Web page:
By Keisha B. Ta-asan, Reporter
PHILIPPINE BUSINESS Bank, Inc. (PBB) is aiming to obtain a universal banking license from the Bangko Sentral ng Pilipinas (BSP) by 2024 or 2025, the lender said.
The bank also plans to expand its distribution channels to provide more products and services to its clients, particularly to small and medium enterprises (SMEs), amid challenging economic conditions this year.
The Yao-led bank said in an e-mail to BusinessWorld that it recently increased its capital in compliance with the BSP’s minimum requirement for a universal bank license.
“The capital increase brings the bank closer to its aspiration to be a universal bank. Being a universal bank will allow PBB to grow its product and services suite and develop fee-based revenue streams,” the lender said.
“All else equal, the bank will likely reach the P20-billion capitalization requirement to be a unibank by 2024 or 2025. While PBB has long been vocal about its unibank aspirations, it will remain focused on servicing the financial needs of the country’s small and medium entrepreneurs,” it said.
PBB last month said its board of directors has approved to raise the bank’s authorized capital to P15 billion from P10 billion.
Members of the board approved the bigger capital stock by adding 1.37 billion common shares priced at P10 apiece, from 870 million common shares priced at the same amount. Meanwhile, preferred shares will remain steady at 130 million.
It is also looking to raise P500 million from a stock rights offer.
“The increase in capital will also allow the bank to provide more loans to clients, expand its investment portfolio, and take on more funding from depositors,” PBB said.
“The bank will also launch a number of infrastructure projects that will make PBB’s distribution channels for its products and services more accessible to its clients,” it said.
PBB said it is also looking to expand its banking books and take on more risk assets like loans and investments, should market conditions allow.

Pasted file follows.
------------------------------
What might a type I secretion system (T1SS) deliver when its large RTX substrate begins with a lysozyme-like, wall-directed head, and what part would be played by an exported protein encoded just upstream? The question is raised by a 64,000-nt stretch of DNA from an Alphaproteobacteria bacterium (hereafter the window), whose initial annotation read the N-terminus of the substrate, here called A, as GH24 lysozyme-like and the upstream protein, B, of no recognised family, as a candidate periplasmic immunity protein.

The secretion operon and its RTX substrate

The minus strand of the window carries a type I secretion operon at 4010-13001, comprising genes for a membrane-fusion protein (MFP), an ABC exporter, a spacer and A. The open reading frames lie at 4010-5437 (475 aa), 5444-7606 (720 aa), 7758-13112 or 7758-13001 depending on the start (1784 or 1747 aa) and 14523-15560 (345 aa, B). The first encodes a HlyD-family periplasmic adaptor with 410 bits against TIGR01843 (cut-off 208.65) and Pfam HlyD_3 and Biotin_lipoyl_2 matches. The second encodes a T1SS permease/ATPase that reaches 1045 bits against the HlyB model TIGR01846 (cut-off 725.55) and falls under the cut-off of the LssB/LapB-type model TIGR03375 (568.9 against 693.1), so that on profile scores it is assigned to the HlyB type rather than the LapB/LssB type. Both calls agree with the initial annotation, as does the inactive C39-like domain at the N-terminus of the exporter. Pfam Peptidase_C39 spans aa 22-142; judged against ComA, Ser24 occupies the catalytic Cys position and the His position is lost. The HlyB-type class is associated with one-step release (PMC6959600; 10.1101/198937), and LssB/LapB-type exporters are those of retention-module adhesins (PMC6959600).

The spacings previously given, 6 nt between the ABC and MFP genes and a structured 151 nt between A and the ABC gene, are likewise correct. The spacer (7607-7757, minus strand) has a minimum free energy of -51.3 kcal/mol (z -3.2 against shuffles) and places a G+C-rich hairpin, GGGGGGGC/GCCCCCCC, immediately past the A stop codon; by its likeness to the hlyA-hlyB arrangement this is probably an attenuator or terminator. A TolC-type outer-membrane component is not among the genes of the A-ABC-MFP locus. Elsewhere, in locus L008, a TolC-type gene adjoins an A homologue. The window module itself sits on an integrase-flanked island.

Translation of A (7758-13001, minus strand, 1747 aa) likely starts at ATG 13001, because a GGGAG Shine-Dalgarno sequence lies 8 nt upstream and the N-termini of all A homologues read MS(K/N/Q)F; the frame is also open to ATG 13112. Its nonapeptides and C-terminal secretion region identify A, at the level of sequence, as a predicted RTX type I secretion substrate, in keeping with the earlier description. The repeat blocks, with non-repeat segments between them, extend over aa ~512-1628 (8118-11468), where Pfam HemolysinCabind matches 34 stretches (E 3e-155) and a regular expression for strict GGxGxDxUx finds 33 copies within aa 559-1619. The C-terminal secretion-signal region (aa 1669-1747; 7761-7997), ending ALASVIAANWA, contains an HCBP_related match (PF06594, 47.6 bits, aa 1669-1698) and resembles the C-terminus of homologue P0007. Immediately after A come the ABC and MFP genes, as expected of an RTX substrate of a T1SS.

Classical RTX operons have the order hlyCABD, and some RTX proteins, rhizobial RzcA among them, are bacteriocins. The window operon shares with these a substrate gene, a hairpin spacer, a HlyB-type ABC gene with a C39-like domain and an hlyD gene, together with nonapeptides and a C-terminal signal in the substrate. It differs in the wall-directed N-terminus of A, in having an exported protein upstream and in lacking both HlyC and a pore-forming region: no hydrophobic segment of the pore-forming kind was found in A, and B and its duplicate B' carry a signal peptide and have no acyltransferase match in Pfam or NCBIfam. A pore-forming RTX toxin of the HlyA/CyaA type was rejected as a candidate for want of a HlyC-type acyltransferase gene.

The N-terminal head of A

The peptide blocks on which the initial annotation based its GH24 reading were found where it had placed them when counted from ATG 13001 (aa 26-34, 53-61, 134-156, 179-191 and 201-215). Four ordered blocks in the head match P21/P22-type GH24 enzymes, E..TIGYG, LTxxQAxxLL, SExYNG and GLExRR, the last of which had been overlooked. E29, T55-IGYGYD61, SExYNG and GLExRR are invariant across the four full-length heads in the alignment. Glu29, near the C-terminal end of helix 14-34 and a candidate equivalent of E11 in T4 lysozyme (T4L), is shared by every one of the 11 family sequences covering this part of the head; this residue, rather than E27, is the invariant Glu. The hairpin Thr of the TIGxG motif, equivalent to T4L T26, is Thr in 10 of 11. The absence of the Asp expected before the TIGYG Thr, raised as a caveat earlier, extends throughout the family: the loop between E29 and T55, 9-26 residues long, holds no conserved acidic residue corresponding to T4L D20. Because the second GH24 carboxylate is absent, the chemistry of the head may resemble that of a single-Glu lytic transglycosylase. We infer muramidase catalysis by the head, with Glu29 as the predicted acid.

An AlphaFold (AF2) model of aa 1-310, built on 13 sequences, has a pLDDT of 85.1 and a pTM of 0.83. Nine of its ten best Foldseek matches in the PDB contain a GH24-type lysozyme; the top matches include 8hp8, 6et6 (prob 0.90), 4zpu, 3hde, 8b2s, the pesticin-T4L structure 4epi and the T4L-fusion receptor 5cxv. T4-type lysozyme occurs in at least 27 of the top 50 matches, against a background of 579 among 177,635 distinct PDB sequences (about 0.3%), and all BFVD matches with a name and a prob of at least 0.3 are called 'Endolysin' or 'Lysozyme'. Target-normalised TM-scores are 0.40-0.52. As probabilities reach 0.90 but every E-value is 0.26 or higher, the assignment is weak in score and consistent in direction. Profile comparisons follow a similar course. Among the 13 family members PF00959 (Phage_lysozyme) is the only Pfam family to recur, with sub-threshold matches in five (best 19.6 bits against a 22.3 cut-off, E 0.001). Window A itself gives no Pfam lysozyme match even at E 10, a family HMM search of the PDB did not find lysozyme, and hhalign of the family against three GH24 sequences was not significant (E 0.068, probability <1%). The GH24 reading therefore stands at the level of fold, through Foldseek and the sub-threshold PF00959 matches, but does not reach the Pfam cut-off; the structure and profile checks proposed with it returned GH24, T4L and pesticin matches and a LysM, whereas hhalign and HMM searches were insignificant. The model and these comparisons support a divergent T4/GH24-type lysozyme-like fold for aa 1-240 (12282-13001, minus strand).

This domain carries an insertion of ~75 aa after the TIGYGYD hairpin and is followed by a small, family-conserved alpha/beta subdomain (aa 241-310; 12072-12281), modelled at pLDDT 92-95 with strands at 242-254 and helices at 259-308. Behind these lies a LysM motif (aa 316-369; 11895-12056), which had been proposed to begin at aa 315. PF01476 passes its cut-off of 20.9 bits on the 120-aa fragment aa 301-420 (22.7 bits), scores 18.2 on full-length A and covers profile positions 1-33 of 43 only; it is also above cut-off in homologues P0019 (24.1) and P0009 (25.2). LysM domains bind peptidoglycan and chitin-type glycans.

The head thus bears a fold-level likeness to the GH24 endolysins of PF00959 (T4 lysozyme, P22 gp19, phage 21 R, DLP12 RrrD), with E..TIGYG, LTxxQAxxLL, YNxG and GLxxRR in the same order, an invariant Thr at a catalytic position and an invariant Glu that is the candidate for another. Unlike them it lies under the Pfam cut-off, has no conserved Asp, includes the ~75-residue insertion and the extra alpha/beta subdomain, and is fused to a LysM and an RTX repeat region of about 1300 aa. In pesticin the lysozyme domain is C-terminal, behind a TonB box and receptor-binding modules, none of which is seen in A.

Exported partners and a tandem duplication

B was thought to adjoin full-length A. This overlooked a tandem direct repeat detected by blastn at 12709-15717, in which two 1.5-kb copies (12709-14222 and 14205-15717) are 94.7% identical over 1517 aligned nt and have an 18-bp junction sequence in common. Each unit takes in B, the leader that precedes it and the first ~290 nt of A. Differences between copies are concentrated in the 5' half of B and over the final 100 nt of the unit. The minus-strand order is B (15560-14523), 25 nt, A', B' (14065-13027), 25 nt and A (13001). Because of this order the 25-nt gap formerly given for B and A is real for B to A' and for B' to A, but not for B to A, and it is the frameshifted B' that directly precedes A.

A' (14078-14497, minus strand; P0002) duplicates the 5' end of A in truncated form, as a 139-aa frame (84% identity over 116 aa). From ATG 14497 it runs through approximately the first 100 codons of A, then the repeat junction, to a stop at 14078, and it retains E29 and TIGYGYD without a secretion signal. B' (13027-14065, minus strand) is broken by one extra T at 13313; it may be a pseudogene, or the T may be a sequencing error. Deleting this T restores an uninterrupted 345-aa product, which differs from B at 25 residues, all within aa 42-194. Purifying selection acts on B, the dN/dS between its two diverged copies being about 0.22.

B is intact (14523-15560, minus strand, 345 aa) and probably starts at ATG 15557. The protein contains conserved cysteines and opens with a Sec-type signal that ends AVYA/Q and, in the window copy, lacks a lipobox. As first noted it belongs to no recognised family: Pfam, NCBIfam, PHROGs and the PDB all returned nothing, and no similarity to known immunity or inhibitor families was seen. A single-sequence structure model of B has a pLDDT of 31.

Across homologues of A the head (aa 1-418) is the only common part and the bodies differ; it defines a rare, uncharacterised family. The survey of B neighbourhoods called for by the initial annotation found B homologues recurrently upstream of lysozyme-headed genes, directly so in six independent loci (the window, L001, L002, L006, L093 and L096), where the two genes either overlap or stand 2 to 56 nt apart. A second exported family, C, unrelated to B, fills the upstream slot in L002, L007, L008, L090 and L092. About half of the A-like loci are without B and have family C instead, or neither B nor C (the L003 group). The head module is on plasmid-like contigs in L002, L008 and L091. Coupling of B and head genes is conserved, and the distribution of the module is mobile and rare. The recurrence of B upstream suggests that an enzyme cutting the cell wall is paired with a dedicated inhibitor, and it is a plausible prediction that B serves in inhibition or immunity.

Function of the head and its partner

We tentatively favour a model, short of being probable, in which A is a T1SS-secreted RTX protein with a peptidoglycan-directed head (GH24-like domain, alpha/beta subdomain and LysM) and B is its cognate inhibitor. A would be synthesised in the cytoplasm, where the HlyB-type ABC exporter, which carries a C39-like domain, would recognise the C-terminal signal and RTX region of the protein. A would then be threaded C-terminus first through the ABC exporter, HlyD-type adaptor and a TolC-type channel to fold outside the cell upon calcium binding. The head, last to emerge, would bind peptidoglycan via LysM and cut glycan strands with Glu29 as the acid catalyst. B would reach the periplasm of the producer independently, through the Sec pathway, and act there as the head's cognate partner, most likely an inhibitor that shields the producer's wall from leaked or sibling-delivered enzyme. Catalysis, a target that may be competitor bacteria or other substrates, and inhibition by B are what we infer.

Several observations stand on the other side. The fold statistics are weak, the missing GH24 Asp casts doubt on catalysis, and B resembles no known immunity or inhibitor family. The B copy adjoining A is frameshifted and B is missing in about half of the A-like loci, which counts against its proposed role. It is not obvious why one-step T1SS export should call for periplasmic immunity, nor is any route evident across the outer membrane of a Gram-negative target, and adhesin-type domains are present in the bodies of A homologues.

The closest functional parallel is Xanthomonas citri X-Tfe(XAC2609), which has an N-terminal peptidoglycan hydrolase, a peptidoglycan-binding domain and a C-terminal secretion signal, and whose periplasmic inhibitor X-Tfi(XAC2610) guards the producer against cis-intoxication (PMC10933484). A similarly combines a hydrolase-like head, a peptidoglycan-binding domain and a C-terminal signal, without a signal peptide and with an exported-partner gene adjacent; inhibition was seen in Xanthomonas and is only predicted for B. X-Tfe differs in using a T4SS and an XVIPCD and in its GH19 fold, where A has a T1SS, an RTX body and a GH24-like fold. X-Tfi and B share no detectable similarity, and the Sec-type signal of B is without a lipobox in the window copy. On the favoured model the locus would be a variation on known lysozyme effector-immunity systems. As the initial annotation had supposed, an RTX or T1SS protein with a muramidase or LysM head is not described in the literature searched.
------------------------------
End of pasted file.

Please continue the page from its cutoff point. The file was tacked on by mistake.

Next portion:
Asked about their outlook for this year, PBB said their financial performance would depend on the economic conditions of the country.
“The bank has been very mindful of the increase in interest rates, taking great care in updating clients of the macroeconomic conditions in the country and how these developments will affect the banking industry and the clients’ financing requirements,” PBB said.
“For 2023, loan growth will be tempered if interest rates continue to increase. On the other hand, a stable interest rate environment will likely spur demand for more investments,” it said.
The central bank raised its policy rate by 350 basis points to a 14-year high of 5.5% in 2022 and is expected to continue tightening in the first half of this year.
“From a relationship management standpoint, the bank will continue what it has been doing the past years: understanding the needs of its SME clients and providing products that service its clients’ financial requirements,” PBB said.
“A deep appreciation of its clients’ respective businesses means the bank is able to provide customized financial solutions that are appropriate for its clients’ needs,” PBB added.
PBB’s net income stood at P306.280 million in the third quarter of 2022, up by 9.3% from the P280.294 million posted in the same quarter a year prior, amid higher earnings from its core businesses and an expansion in its loan portfolio.
For the first nine months of 2022, the lender’s net profit climbed to P926.6 million from the P804.3 million posted in the same period a year ago. This translated to a return on equity of 8.82% and a return on assets of 0.99%.
PBB’s loans and other receivables rose by 14.7% to P98 billion as of end-September from P85.4 billion a year earlier.
On the funding side, deposit liabilities inched up by 2.4% to P105.6 billion as of end-September from the P103.1 billion recorded in the same period in 2021.
Meanwhile, its total resources as of September 2022 reached P125 billion.
The Yao-led bank’s shares went down by 3.85% or 40 centavos to close at P10 each on Wednesday.